There is a recurring criticism of President Trump’s trade policy: it is badly designed to obtain its ostensible ends. The tariffs against China are supposed to pressure Beijing into changing its intellectual property policy. But the strategy is poorly designed for that end. Consider:
- Instead of heavily taxing employment-heavy Chinese sectors, like toys and textiles, you moderately tax the intermediate and capital goods used by American industries;
- Instead of building a coalition against China, you start trade conflicts with your allies ... once again over intermediate goods like steel and aluminum;
- You further alienate our allies by threatening automobile tariffs* ... that won’t affect China;**
- You don’t give the Chinese government any face-saving way out of the trade war.
As a policy designed to change Chinese development policy, this is stupid.
But as an exercise, my MBA and undergraduate students separately walked through this policy, and they came to a different conclusion: if you want to make sure that high tariffs on Chinese exports are hard to reverse, then the strategy makes sense. Hurting American industries and forcing them to rework their value chains is a feature, not a bug. Making it hard for the Chinese to back down is a feature, not a bug. And alienating the rest of the world, to further insure that the Chinese won’t compromise, is a feature, not a bug.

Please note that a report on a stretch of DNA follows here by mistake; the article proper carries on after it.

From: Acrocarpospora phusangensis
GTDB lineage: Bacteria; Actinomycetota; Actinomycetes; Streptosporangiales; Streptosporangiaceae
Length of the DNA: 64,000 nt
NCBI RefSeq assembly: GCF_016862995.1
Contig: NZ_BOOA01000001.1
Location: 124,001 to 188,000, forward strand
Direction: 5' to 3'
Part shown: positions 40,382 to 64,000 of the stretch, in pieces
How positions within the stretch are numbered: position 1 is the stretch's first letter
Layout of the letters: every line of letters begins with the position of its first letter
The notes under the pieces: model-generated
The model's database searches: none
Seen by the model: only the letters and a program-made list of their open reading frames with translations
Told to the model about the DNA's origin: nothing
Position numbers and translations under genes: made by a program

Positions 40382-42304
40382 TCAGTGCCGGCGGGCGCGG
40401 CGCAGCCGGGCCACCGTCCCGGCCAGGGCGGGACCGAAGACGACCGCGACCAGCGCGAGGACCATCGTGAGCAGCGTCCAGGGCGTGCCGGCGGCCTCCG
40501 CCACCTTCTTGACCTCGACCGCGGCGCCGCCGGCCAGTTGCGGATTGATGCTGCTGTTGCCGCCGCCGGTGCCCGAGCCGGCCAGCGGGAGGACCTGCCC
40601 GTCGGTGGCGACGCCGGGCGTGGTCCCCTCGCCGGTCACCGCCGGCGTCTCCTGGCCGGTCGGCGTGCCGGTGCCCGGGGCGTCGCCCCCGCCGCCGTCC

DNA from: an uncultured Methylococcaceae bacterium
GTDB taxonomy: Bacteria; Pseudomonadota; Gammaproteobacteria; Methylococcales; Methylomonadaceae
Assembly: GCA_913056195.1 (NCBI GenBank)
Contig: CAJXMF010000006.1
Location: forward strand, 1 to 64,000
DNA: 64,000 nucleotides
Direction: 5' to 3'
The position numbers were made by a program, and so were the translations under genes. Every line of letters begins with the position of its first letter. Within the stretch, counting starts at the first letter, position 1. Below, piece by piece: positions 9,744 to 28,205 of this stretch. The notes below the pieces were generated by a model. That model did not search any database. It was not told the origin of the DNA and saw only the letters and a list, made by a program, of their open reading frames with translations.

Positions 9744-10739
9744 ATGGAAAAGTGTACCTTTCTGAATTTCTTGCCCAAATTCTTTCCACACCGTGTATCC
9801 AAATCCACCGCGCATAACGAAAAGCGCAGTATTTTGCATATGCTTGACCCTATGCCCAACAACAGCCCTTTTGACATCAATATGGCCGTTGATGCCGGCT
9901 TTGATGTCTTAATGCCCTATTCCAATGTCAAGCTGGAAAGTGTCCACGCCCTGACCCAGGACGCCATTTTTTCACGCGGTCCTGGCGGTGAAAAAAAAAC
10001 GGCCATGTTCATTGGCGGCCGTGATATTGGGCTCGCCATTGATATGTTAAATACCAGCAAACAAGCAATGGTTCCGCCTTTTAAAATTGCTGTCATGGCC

It might not be the best way to insure that high tariffs stay around for the next few decades regardless of the electoral outcomes in 2018 and 2020, but it isn’t a terrible one either. Especially if causing collateral damage to American industries is the point.
In other words, there is method to the madness. High tariffs are not a tool, but the outcome. The trade war is not meant to be won, but to be continued forever.
* The new USMCA (oh God, do I have to change my NAFTA tag now?) is said to have a side agreement exempting Mexico and Canada from those potential tariffs. More on this when I have it.
** Ford did announce that it was not going to start making cars in the People’s Republic, so it is not impossible to imagine that threatened auto tariffs might have some effect. But then you aim the car tariffs at China, not the world.